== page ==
The Vintage Cookie

Wednesday, July 21, 2010

Play Dough from the Women of Galilee

A couple of days ago I was visiting my father, who lives in a high rise condominium tower. In the basement, on your way out to the parking garage, there are a couple of bookshelves where residents leave books they want to be rid of. Often these include cookbooks. On my last visit I found two interesting cook books: an English language translation of the classic French cookbook Tante Marie, and Loaves and Fishes from the Women of Galilee Episcopal Church, Virginia Beach, Virginia.

I love community cookbooks. Even when most of the recipes aren't very good, the collection tells a story about the group that chose them and put them together. Occasionally, the books are also promising as cookbooks. Loaves and Fishes looks to be one of the promising ones. The book is undated, but based on the illustrations it is post-1962. I would guess it is actually late 70s or early 80s. There is an unusually limited use of canned soup and other prepared foods, and a nice variety - plenty of seafood dishes, as well as lamb, buffalo and venison. But one of the most charming chapters is "Children's Recipes," which include a few treats, bubble soap, face paint, and several recipes for modeling doughs. One of them looked simple enough, and it was. Fifteen minutes after starting, my four year old and I had:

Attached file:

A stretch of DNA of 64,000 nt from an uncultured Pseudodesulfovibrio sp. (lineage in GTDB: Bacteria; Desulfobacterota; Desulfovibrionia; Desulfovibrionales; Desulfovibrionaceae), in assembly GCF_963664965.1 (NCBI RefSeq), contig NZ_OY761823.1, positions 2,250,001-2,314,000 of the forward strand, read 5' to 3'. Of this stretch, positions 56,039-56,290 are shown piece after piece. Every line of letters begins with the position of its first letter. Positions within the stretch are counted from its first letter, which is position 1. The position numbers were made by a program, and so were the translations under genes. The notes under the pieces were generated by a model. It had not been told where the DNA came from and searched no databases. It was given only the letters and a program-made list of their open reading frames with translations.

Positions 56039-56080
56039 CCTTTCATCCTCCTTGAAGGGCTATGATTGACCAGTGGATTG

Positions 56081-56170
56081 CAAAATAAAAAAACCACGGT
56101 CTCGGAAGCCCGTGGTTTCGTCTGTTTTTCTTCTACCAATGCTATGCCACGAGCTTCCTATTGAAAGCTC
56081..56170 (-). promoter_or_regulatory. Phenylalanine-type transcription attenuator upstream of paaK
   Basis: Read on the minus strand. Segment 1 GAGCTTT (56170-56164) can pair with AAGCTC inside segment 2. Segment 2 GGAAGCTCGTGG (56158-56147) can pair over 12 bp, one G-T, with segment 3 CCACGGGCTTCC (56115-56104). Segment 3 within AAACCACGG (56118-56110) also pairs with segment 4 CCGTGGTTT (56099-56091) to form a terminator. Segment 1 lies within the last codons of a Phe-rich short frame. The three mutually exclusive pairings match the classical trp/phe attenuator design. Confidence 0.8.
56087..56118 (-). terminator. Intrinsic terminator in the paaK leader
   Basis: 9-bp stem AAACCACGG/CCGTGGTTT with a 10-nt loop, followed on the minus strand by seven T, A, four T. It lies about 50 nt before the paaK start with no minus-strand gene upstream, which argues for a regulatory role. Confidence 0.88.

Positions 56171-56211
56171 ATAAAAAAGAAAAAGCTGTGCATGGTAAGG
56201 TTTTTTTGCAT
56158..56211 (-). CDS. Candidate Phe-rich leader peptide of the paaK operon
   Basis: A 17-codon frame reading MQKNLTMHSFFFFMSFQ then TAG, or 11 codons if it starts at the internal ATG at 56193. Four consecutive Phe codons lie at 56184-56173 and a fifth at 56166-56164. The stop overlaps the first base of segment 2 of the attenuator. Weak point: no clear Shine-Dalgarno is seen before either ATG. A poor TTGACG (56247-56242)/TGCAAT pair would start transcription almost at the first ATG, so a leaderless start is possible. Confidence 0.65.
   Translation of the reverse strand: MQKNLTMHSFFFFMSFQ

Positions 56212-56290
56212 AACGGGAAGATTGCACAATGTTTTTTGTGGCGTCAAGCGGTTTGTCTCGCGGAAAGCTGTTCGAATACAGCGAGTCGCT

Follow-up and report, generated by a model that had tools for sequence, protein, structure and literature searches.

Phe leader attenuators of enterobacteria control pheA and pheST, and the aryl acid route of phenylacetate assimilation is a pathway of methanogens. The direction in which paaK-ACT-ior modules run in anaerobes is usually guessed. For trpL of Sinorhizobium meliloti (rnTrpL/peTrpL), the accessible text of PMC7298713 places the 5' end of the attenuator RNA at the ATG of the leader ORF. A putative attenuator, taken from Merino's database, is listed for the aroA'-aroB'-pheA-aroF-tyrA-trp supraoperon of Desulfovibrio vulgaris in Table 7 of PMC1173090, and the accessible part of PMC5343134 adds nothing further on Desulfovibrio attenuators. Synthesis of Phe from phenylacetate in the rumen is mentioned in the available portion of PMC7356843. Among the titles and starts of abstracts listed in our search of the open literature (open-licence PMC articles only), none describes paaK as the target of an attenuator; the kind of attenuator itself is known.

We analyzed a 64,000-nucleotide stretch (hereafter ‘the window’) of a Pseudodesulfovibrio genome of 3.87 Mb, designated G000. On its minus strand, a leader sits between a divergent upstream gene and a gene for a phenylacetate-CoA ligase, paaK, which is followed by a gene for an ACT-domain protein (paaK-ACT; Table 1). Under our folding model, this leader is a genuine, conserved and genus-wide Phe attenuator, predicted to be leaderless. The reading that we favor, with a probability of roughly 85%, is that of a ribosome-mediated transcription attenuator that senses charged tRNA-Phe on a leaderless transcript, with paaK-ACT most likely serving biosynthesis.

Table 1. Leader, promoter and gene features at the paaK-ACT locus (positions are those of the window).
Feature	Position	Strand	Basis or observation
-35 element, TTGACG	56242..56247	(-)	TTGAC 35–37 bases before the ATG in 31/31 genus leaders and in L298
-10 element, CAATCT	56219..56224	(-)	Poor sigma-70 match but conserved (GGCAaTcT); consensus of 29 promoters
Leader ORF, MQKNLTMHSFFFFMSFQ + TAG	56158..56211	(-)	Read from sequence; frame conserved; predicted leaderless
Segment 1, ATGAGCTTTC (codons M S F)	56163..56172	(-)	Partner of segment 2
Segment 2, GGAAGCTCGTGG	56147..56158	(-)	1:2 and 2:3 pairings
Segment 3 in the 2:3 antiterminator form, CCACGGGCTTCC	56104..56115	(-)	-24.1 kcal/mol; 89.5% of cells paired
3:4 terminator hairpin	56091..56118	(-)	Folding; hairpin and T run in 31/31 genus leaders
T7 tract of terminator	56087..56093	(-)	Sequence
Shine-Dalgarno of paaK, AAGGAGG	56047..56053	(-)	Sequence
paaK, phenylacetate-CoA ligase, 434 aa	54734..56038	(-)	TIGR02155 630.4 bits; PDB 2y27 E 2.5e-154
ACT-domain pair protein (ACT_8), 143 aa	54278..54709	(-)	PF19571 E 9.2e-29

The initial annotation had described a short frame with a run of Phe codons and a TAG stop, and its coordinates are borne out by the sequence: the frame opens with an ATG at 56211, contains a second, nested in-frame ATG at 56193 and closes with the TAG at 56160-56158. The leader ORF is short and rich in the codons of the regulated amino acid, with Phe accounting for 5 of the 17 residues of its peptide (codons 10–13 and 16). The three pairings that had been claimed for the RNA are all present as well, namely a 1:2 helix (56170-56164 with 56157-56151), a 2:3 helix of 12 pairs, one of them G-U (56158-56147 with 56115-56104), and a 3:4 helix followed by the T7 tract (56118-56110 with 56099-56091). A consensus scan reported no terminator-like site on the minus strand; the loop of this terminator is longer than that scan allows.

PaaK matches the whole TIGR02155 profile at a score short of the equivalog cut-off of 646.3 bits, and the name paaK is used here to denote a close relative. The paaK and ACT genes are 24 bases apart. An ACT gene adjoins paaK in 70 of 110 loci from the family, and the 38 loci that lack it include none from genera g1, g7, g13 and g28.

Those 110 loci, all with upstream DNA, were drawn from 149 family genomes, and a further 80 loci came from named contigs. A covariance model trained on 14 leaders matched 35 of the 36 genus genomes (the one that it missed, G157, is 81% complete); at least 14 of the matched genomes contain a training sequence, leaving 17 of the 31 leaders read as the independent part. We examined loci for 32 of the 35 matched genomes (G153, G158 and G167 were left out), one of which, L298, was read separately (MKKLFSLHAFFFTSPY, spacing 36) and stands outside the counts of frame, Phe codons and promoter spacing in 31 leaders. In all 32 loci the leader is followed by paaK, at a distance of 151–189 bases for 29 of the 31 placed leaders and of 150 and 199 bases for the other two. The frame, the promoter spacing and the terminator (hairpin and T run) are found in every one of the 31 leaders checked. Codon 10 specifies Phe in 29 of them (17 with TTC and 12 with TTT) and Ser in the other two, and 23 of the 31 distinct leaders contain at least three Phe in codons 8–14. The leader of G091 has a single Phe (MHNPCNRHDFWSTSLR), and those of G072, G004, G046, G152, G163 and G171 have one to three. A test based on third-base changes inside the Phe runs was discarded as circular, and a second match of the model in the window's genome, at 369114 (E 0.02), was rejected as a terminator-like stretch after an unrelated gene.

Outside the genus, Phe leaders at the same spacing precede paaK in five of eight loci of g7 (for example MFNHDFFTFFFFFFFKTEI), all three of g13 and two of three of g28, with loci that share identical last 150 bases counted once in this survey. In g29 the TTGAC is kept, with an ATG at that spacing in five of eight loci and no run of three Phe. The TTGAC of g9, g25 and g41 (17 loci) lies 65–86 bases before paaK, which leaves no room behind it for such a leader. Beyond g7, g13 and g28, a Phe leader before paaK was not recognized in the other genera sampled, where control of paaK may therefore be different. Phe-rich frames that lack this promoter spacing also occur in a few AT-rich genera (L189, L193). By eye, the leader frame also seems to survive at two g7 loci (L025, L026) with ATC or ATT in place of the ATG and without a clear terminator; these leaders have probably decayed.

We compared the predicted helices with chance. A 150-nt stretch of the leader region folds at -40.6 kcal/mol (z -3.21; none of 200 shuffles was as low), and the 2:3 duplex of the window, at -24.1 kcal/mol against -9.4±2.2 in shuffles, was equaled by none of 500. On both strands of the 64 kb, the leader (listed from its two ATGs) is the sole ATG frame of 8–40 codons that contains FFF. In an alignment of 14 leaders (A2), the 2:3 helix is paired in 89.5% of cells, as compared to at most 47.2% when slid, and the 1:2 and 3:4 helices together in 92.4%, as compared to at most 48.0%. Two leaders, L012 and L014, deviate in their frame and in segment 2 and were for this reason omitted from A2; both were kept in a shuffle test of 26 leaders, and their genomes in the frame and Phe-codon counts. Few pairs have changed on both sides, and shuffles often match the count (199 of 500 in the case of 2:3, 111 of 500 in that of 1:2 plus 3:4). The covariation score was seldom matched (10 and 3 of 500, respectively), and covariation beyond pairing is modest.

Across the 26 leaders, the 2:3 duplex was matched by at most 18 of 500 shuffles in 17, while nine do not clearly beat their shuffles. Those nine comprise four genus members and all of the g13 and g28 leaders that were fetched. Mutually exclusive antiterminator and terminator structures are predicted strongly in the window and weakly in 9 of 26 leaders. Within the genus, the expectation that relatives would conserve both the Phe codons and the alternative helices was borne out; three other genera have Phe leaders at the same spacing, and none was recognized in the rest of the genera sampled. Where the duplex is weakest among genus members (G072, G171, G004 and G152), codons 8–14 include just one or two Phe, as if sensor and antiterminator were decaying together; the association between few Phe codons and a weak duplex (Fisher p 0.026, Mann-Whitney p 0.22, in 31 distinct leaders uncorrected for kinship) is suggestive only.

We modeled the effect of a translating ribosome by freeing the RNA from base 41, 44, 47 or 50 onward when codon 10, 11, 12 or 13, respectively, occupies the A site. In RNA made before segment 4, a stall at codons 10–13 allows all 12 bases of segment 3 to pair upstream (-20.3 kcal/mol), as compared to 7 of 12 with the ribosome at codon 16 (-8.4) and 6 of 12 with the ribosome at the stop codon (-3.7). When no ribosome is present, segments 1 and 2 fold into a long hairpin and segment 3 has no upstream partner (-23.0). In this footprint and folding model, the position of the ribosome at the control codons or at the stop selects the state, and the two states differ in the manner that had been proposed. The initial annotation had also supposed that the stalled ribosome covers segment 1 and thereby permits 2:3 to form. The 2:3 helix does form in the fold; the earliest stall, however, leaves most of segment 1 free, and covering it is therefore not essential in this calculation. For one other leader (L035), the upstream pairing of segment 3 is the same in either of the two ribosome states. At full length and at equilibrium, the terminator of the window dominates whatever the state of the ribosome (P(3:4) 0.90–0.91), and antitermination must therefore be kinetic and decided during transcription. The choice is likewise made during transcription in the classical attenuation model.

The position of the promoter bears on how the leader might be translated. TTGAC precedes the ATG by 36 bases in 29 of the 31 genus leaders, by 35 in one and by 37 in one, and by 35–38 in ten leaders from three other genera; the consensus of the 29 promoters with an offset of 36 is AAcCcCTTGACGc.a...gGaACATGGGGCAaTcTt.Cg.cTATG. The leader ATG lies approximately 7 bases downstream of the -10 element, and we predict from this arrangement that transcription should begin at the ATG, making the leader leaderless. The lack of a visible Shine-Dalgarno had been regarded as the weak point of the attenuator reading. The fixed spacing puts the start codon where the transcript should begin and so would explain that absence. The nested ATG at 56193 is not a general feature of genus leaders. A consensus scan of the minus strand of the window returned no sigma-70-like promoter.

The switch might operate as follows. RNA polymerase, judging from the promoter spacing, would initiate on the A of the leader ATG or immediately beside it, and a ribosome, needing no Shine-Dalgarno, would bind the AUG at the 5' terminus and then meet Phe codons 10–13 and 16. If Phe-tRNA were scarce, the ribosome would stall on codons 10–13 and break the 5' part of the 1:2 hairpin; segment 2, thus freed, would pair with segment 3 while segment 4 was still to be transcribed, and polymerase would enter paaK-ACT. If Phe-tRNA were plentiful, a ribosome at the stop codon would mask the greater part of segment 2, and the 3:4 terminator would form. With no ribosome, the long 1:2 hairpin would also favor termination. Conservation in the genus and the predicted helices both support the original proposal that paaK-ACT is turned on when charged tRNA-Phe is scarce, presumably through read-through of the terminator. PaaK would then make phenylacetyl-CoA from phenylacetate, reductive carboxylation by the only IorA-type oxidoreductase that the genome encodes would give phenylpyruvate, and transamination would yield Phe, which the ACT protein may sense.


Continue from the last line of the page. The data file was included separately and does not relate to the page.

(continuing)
Play Dough (contributed by Leslie Reid Baker, p. 41)

2 cups flour
1 cup salt
4 tsp. cream of tartar
2 cups water
2 Tablespoons vegetable oil
Food coloring

Cook over medium heat, stirring until mixture leaves the sides of the pan. [Turn contents out onto a large cutting board.] Knead in food coloring. Store in airtight container.

Who knew that Play Dough was really a salty choux paste? Anyway, this worked remarkably well. The Dough is lovely and soft and models well. I think I like it better than the commercial stuff. The recipe is  generous. We had enough Dough to fill 5 of the larger empty Play-Doh containers. We made five different colors, picking from my vast collection of food colors. Next time I think we will make more colors. And the whole project took fifteen minutes from reading the recipe to settling my son down for a couple of hours of quiet play with his new Play Dough.

Score one for the ladies of Galilee.

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